Sidney Poitier, whose groundbreaking acting work in the 1950s and 1960s paved the way for generations of black movie stars, has died at the age of 94. His death was Announced Friday by Bahamian Foreign Minister Fred Mitchell.
Bahamian Deputy Prime Minister Chester Cooper said he was “conflicted with great sadness and a sense of celebration when I learned of Sir Sidney Poitier’s passing.”
And he added: “Sadness because he would no longer be here to tell him how much he means to us, but celebration because he did so much to show the world that those of the most humble beginnings can change the world and that we give him their flowers. while he was with us.
“We have lost an icon. A hero, a mentor, a fighter, a national treasure. “
Poitier, who was born in Miami and raised in the Bahamas, was the first black Oscar winner for best actor for Lilies of the Field and, along with Harry Belafonte, was a pioneering black presence in mainstream Hollywood cinema.
Hollywood figures paid tribute to Poitier’s achievements. Oprah Winfrey posted a photo of herself with Poitier, adding: “The greatest respect and praise for her most magnificent, graceful and eloquent life. I treasure it. I adored him. He had a huge soul that I will always cherish. “
Actor / director Tyler Perry wrote: “The grace and class that this man has shown throughout his life, the example he set for me, not just as a black man but as a human being, will never be forgotten.” Whoopi Goldberg wrote: “If you wanted the sky, I would write across the sky in letters that would rise a thousand feet high. For the Lord, with love. Sir Sidney Poitier RIP Showed us how to reach for the stars. “Westworld star Jeffrey Wright I call it “An actor of reference. One of a kind. What a beautiful, kind, warm and genuinely regal man. RIP, sir. With love.”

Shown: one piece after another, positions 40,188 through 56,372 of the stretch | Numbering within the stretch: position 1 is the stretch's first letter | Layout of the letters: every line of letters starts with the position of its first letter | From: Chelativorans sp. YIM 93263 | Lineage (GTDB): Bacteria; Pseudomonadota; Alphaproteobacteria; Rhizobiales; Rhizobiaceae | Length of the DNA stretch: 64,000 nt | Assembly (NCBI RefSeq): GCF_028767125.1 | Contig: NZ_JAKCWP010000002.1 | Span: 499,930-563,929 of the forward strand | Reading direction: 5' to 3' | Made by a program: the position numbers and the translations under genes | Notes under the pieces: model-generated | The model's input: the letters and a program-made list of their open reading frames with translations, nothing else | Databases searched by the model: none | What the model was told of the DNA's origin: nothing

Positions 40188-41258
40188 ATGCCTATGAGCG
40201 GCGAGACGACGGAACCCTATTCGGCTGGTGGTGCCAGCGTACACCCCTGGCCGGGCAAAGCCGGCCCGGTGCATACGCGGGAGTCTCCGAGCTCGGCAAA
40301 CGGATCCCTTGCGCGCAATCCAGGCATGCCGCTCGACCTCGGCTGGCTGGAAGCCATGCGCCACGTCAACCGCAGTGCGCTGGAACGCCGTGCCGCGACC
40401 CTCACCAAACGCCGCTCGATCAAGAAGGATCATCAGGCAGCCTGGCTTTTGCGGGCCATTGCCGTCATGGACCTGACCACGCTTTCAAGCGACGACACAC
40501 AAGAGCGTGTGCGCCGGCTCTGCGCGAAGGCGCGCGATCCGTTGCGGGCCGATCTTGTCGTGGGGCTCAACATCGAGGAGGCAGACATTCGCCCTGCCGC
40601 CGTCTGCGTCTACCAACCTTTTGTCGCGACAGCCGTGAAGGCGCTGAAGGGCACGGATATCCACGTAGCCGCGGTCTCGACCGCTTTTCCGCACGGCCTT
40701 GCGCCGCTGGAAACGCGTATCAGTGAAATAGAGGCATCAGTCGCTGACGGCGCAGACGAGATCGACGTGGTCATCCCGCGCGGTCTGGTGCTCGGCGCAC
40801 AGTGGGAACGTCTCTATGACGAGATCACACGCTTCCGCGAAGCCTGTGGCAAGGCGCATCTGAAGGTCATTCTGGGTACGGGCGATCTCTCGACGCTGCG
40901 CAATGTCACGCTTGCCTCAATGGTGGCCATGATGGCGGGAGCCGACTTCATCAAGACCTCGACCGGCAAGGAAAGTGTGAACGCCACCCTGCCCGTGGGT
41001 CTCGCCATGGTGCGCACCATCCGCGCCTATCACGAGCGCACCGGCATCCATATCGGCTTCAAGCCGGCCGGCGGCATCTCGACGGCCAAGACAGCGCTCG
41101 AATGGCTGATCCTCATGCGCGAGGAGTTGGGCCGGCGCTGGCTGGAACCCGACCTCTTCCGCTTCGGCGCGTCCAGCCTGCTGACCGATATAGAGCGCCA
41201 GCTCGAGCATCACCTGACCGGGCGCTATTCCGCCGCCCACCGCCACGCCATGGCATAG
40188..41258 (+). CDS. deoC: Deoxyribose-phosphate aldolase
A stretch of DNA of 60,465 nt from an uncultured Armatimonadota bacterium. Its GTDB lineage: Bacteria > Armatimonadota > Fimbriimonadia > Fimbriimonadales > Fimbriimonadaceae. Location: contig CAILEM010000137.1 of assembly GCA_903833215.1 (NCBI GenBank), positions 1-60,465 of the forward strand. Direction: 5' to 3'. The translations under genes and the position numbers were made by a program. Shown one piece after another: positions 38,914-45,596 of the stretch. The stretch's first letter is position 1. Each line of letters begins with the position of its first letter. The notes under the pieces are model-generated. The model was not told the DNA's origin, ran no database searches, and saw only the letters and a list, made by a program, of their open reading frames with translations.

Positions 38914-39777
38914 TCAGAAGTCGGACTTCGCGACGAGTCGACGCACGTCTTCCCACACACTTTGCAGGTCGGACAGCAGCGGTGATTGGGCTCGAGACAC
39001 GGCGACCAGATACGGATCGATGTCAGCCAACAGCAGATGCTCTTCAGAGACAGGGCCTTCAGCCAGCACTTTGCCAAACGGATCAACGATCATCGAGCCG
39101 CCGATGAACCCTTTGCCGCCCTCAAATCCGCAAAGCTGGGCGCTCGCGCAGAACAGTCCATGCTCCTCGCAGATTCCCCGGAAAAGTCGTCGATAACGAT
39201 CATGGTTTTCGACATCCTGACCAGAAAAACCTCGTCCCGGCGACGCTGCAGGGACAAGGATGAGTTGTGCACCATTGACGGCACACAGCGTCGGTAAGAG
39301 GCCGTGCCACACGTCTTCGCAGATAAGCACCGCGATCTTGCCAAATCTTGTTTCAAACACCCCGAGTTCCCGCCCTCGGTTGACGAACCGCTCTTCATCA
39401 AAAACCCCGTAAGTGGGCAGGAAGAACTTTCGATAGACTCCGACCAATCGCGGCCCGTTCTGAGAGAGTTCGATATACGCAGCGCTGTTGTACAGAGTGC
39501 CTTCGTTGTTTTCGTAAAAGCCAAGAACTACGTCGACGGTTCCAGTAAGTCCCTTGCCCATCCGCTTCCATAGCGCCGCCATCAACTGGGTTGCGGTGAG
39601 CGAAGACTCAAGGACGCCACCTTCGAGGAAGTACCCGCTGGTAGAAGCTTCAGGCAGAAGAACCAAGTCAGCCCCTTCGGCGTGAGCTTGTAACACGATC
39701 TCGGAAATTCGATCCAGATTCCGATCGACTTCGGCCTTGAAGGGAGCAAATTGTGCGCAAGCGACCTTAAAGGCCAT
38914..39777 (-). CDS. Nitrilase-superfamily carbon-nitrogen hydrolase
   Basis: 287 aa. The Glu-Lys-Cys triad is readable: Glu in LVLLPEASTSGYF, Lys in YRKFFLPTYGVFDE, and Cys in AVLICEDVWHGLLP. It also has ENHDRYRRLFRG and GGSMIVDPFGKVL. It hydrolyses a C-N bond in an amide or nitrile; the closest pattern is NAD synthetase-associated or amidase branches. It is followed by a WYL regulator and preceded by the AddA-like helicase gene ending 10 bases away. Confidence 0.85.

Actress Viola Davis added: “There are no words to describe how her work radically changed my life. The dignity, normalcy, strength, excellence, and sheer electricity they brought to their roles showed us that we, as blacks, matter! “Questlove, musician and director of Summer of Soul, wrote:” King Sidney. One of the greatest actors of his generation. “
Born to Bahamian parents while visiting Miami to sell tomatoes in 1927, Poitier grew up in the Bahamas, then a British colony, before returning to the US at age 15 and working a series of low-paying jobs before serving briefly. in the army. during WWII (and trying to feign insanity to get a medical discharge).
Somewhat aimlessly, Poitier auditioned for the high-profile Harlem-based American Negro Theater, and although he was turned down, he worked hard to improve his acting skills and lose his Bahamian accent. After he was allowed to attend classes, Poitier stepped in when Belafonte, then a star student, was unable to perform. After being discovered by a Broadway director, Poitier subsequently carved out a fledgling career on the black theater circuit of the time.
Poitier then landed his first significant film role, in the 1950 black film No Way Out, in which he played a hospital doctor whose racist patient (played by Richard Widmark) starts a racial riot. With its outspoken depiction of racial conflict, No Way Out was deemed too controversial to be shown in the southern states, but it established Poitier’s signature personality as a sensitive and tolerant figure, smarter than the white characters around him.